Holmes, seemingly content to revel privately in his own brilliance, is indifferent. Yet, in a seminal and shrewd moment, he gives Watson his blessing to broadcast his genius far and wide. Watson insists on recording every case they work on together, ensuring that everyone will soon know the name "Sherlock Holmes." He not only cements a great friendship and iconic crime-solving partnership, but exposes the seedy underbelly of what modern eyes often assume was an age of primness and propriety. As Holmes himself explains, the title is a metaphor for the blood-red vein of violence that permeates the ordinariness of human existence — and their job is to expose it.

His brother is an alcoholic

One of the few hints readers get about John Watson's personal life are to do with his troubled brother. In "The Sign of Four," Sherlock Holmes discerns that Watson has a brother with the initials "H.W." from one of Watson's pocket watches, guessing that the "W" stands for Watson. The date on the timepiece from 50 years ago implies it once belonged to his father, who gave it to John's brother, as watches tend to get passed on to the elder son.

Holmes continues with his examination, observing that the watch is in a bad way, covered in scratches. He suggests that the man who owned it was careless, fumbling around in his pocket with keys and coins and leaving it in a place where it could easily be damaged. As Watson's father had been dead for some time, Holmes gauges that his brother was the person who had left it in this state.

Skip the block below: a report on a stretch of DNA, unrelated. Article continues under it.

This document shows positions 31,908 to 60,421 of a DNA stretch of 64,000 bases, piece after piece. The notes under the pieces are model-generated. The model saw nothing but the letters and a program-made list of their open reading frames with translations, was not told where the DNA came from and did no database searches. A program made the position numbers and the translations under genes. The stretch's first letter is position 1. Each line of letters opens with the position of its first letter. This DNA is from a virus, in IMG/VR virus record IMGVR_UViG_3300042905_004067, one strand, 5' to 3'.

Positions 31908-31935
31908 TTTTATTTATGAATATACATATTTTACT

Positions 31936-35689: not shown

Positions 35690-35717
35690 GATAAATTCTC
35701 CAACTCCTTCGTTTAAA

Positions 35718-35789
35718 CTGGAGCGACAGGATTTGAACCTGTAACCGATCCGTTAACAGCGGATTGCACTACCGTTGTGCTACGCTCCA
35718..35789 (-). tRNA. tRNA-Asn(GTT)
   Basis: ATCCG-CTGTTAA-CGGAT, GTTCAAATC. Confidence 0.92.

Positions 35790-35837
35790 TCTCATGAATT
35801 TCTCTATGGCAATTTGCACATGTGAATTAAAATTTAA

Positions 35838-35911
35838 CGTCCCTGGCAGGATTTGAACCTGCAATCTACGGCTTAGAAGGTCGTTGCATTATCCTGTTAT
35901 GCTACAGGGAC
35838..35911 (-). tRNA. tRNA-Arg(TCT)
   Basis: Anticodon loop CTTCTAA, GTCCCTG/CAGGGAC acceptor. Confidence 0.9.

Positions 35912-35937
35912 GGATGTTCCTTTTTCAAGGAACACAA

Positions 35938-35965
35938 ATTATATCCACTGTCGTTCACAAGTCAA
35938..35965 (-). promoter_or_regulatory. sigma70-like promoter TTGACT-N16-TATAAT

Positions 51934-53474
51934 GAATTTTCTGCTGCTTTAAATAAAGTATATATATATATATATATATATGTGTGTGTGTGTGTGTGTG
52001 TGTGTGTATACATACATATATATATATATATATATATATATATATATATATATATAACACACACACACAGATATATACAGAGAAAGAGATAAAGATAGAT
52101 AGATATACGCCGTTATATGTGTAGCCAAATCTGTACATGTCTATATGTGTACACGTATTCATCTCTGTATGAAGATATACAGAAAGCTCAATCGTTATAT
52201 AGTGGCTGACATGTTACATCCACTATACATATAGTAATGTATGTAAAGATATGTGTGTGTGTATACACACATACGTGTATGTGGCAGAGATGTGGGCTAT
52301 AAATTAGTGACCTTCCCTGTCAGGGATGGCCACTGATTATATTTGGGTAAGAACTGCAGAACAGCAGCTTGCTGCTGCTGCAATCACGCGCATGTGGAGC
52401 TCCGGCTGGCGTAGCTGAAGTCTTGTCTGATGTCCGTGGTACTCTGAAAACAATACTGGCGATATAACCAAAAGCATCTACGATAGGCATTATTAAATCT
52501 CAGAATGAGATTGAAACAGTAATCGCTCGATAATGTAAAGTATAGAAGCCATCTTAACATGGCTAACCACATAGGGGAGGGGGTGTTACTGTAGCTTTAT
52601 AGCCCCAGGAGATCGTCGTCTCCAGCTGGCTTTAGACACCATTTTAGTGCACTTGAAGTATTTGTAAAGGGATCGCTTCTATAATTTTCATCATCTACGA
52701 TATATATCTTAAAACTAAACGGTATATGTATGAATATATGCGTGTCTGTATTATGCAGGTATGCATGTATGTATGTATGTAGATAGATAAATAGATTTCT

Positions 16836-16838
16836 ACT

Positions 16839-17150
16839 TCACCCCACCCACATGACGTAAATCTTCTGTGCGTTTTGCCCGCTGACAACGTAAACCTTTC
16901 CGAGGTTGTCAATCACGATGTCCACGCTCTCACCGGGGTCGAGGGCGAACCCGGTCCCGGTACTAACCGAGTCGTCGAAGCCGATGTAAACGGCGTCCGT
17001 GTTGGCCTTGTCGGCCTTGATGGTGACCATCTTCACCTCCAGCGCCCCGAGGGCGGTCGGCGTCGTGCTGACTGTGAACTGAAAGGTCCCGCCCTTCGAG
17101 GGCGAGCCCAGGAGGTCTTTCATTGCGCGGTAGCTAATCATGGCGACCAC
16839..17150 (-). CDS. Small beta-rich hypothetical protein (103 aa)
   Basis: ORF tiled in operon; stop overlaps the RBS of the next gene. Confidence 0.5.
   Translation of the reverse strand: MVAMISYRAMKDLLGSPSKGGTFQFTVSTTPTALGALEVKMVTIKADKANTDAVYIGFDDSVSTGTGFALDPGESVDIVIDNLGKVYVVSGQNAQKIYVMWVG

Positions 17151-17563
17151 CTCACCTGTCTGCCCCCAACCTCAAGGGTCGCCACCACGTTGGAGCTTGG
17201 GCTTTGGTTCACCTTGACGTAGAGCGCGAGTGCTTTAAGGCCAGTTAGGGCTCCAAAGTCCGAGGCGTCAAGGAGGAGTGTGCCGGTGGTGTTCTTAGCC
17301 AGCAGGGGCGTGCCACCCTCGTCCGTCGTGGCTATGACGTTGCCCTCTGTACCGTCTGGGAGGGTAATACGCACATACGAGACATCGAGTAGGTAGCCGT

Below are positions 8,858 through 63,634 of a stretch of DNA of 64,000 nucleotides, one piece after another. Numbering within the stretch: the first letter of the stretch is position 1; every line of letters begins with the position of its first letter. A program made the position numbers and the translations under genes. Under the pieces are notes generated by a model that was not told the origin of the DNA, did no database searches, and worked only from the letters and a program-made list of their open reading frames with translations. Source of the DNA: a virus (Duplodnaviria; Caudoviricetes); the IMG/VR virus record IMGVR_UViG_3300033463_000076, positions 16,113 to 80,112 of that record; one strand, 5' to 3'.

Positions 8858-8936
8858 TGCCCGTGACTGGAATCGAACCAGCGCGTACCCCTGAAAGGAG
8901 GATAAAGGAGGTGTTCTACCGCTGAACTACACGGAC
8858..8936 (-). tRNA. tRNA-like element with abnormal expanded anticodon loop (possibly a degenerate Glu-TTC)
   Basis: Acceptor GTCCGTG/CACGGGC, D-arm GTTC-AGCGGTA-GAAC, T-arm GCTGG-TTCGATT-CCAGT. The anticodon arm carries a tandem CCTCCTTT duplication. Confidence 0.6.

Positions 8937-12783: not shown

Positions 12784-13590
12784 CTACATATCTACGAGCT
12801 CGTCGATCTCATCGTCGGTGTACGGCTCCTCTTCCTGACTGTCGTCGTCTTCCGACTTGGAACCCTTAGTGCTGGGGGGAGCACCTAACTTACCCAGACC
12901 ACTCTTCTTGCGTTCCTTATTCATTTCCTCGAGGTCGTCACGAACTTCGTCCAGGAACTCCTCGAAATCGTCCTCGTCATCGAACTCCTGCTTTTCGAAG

Yet the Watsons did not grow up in squalor. The quality of the watch means that Holmes discerns John's brother was a man who had inherited considerable wealth, shown by how the watch was worth 50 guineas, but had squandered it. He had enjoyed stints of prosperity, but eventually turned to drink and ultimately died penniless. The marks around the keyhole of the watch are a testament to this, having been subjected to an alcoholic's trembling hand whenever the watch was wound at night. Watson initially assumes Holmes has researched his family without his permission — but when Holmes explains his reasons, his friend is pacified and amazed.